Through the combined power of Izanagi-no-mikoto and Izanami-no-mikoto, many kami (gods) came into being in this land. When Izanami-no-mikoto lastly birthed the god of fire her body was immolated and her life lost. Seeing this, Izanagi-no-mikoto complained, “my beloved wife was sacrificed for this one, single child...” Izanagi-no-mikoto wept, overcome with grief. Before long, hatred began to fester. Izanagi drew the sword Totsuka-no-Tsurugi hanging from his hip and slew the fire god. The blood dripping from the blade, guard, tip, and handle spawned many different gods. (Omitted) the blood that gathered in the handle and flowed and dripped from between his fingers poured and became a god. The name of the god was Kuraokami.
About Kifune Shrine
Also worshiped as Funatama-no-kami. One theory holds that Kuraokami-no-Kami and Tamayori-hime-no-mikoto are also enshrined here.
Sister princess to Konohanasakuya-hime-no-mikoto
Child of Izanagi-no-mikoto that rules over water.
As told in Volume 1 (Chapter 7). Izanagi-no-mikoto drew his sword and slew the god of fire, Kagutsuchi, cutting him into three pieces. One piece became the god of thunder. One piece became Oyamatsumi. And one piece became Takaokami.Thus, Takaokami, the god of water, was birthed from the god of fire. For humans fire is a precious thing but can invoke great disaster when misused. The god of water was born from the god of fire to quell raging fires.
Takaokami and KuraokamiThe deity presiding at Kifune Shrine, Takaokami, is also known as Kuraokami. It is stated in shrine records that “even if the name differs it is the same god.” A god that presides over rain he summons clouds, makes rain fall, calls forth sunshine, fills the land with fallen rain and makes it spring out little by little. One theory states that Takaokami is the “Dragon God of the Mountain” while Kuraokami is the “Dragon God of the Abyss.” Water is the source of all life. Takaokami and Kuraokami are “Headspring Gods” that preside over supplying of precious water vital for all living creatures.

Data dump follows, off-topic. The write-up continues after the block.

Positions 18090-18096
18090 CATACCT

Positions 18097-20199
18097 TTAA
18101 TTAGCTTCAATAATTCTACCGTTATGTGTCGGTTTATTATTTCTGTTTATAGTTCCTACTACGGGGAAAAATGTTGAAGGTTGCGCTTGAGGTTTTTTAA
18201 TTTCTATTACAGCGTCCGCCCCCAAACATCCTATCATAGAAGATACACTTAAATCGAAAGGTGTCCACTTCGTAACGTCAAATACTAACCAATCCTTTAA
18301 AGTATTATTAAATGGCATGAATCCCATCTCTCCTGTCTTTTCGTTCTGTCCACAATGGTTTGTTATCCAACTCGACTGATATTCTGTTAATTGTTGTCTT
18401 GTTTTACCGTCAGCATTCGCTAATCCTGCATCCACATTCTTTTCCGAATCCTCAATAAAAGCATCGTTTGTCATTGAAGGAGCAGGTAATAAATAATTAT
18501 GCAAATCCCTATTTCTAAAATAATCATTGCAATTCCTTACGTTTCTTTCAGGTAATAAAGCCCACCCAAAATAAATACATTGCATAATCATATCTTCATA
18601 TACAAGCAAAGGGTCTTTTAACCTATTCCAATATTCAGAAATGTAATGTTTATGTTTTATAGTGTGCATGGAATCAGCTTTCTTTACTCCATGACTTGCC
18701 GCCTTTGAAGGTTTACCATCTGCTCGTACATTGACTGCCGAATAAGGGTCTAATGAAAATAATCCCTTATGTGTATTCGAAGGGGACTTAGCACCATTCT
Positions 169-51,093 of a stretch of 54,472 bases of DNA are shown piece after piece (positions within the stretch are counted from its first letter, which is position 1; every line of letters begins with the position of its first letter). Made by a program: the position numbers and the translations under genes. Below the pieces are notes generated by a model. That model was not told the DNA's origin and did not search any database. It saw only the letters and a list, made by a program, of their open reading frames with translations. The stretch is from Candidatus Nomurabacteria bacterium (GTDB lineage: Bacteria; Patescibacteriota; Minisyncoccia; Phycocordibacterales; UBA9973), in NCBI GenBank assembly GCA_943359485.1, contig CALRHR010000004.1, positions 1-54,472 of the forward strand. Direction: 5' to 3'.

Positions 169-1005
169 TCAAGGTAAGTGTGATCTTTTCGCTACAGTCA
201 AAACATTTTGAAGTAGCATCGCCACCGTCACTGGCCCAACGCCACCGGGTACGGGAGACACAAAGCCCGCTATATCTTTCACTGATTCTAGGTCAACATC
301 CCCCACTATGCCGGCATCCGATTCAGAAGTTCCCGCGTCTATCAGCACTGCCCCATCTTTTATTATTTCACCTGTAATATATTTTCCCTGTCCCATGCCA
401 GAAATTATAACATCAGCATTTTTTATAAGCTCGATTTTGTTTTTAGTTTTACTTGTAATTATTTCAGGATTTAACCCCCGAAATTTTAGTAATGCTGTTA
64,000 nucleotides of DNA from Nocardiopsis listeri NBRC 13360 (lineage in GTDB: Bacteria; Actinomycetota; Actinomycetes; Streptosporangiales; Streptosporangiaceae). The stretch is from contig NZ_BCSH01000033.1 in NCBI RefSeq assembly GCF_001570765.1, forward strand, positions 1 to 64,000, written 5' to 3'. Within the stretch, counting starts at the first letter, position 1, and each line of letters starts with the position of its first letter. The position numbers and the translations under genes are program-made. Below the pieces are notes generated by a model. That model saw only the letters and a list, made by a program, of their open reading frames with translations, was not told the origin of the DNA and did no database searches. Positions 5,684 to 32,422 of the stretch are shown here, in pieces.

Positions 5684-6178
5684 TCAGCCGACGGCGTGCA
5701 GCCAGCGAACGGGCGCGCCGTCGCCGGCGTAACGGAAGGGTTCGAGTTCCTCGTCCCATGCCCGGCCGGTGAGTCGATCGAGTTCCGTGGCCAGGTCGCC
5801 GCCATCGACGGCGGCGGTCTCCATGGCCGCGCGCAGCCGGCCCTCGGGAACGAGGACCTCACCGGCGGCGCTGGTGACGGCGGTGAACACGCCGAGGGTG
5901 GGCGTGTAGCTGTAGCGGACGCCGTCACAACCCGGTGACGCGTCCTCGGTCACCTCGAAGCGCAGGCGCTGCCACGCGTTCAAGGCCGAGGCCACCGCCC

However, with the existence of shrine records detailing that shrine reconstruction had taken place as early as during the reign of Emperor Tenmu in year 6 of Hakuho (approximately 1300 years ago) , it is clear that the founding of the shrine is very ancient.
Faith toward the water god has also been deep across generations of Imperial Courts, praying for the kami to bring or stop rainfall with black horses offered during droughts and white or red horses offered during long periods of rain. In addition, emperors would pray for protection against misfortune during epidemics and continue to offer prayers during crises by sending out imperial messengers.